In North Macedonia many rural areas have been abandoned. To bring life back to the villages, at least in the summer, cultural events are growing, like the "Galičnik wedding", which celebrates 60 years
This July marked the 60th anniversary of the “Galičnik wedding”, in which the newlyweds dress up in folk costumes and the celebration is done according to folk customs, dances, and songs which date back several centuries ago. But this wedding is not just a reminder of the centuries-old Macedonian way of life. The village of Galičnik is one of hundreds of currently abandoned villages in the country, so thanks to the “wedding happening”, at least for a period in July, returns be full of people like a century ago.
In addition to weddings, fairs and festivals are organised in those abandoned villages, for chestnuts, making homemade food, horse riding. It can be said that Galičnik is the most famous and most attractive place trying to bring the residents back at least during the summer, where in this part of Macedonia it can be ten degrees cooler than average, considering the mountainous area.
More than a hundred years ago, in 1905, there were almost 5000 inhabitants in Galičnik, but they gradually moved out due to the difficult mountain living conditions: for example, the first asphalt road here was built only in 1973. The local inhabitants were mainly herders, but they also went to work abroad or in bigger cities throughout Macedonia, especially in the capital Skopje.
Since it used to be a “migrant village” in the past, it was a tradition in the summer, or rather on St. Peter's Day holiday, every July 12, for a large number of migrant workers to return to their native village and to have weddings with folk costumes and customs. Then the migrant men went to work in other countries again. Thus, in 1963, the cultural-folk event “Galičnik wedding” started.
Until 1991, the newlyweds were actors-extras, but since then there have been real weddings.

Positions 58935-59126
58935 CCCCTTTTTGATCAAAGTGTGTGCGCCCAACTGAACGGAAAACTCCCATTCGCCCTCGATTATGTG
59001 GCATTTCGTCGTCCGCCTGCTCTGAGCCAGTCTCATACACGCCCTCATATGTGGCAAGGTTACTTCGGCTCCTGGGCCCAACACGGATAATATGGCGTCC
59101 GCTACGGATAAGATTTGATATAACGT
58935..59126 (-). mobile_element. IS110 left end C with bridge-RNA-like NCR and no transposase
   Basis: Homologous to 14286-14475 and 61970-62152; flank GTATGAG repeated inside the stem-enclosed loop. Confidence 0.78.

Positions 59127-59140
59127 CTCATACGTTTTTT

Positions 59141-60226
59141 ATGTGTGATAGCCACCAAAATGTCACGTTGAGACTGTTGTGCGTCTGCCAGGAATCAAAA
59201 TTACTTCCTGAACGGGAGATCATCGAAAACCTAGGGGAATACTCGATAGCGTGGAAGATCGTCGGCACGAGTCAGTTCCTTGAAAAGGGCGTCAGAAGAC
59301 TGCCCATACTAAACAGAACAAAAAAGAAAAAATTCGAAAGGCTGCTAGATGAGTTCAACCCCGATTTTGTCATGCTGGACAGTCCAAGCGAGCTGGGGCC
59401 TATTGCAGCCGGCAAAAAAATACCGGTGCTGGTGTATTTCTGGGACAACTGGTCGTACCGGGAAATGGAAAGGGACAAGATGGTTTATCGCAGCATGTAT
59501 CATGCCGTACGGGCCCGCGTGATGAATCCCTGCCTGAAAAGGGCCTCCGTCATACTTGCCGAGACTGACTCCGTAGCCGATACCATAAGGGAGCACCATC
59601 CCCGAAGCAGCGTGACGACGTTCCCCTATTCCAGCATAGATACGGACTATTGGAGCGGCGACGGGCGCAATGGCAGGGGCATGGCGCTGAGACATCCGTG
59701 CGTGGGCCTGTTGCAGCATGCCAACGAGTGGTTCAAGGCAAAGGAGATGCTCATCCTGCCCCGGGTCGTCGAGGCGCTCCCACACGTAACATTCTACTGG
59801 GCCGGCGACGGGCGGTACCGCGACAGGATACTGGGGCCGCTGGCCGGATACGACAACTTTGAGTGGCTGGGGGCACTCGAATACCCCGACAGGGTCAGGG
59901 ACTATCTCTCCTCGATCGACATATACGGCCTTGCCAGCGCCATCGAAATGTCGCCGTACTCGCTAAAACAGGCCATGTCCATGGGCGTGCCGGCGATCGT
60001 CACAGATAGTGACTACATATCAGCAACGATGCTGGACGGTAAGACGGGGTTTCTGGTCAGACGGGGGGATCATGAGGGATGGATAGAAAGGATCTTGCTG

A complex ceremony
The wedding rituals last for two days. First they begin with decorating the flag with flowers and welcoming the musicians, i.e. the people with drums and bugles. Several traditional dances are played like Nevestinsko oro (Bridal dance), Svekrvinsko oro (Mother-in-law's dance), and Teshkoto oro (The hard dance).
On Sunday, a gun is fired three times from the groom's house to announce the festivities. The groom goes with his tayfa (friends and cousins) to the cemetery where the ancestors are buried and asks them for forgiveness before marrying. He tells them to forgive him for them not being at the table, as should it be.
After the best man is invited, the cousins shave the groom in front of his house. It is the symbol of transition from boy to man. Thus, he symbolically separates himself from the family and cleaves to his wife, establishing his own family.
All people from the groom's side go to bride's home on horses. When the procession approaches the house, the bride looks at the groom through a ring and utters "I see you through a ring, to enter your heart", which is one of the most emotional moments for brides.
The bride has two different costumes, one for a girl and the other for a married woman. A flag is placed on the bride's house by one of cousins of the groom. When they arrive at the bride's home, several men's and women's dances are performed. The bride gets on a horse and covers her face. They go to the groom's home where the groom's mother welcomes the bride with a sieve and a cake, knocks on her head with a sieve, goes around her three times, and asks her to be an obedient wife. Then, according to the Orthodox church tradition, the wedding takes place in the church of Saints Peter and Paul in Galičnik.
This year, the groom was ethnologist Oliver Andreevski, 28, originally from Galičnik, and the bride was psychologist Elisaveta Buloska, 31, originally from Ohrid. As required, at least one of them is from Galičnik. The men's wedding costume weighs about 8 kg, while the women's is more voluminous and weighs 24.
Bringing life back to rural areas
The event is also an occasion for foreign visitors in Macedonia to visit this region and get to know its traditions. They have the opportunity to watch part of the ceremony in front of them in the middle of the village, as there is an amphitheatre.
In North Macedonia there are more and more events like the Galičnik wedding. “Mariovо-Meglen cultural meetings” take place in Junefor people from the abandoned Mariovo area that has 30-40 villages to meet. Nevestinsko Poklonenie (The Bride Bow) is organised in the village of Konopnica near Kriva Palanka and is similar to Galičnik weddings.
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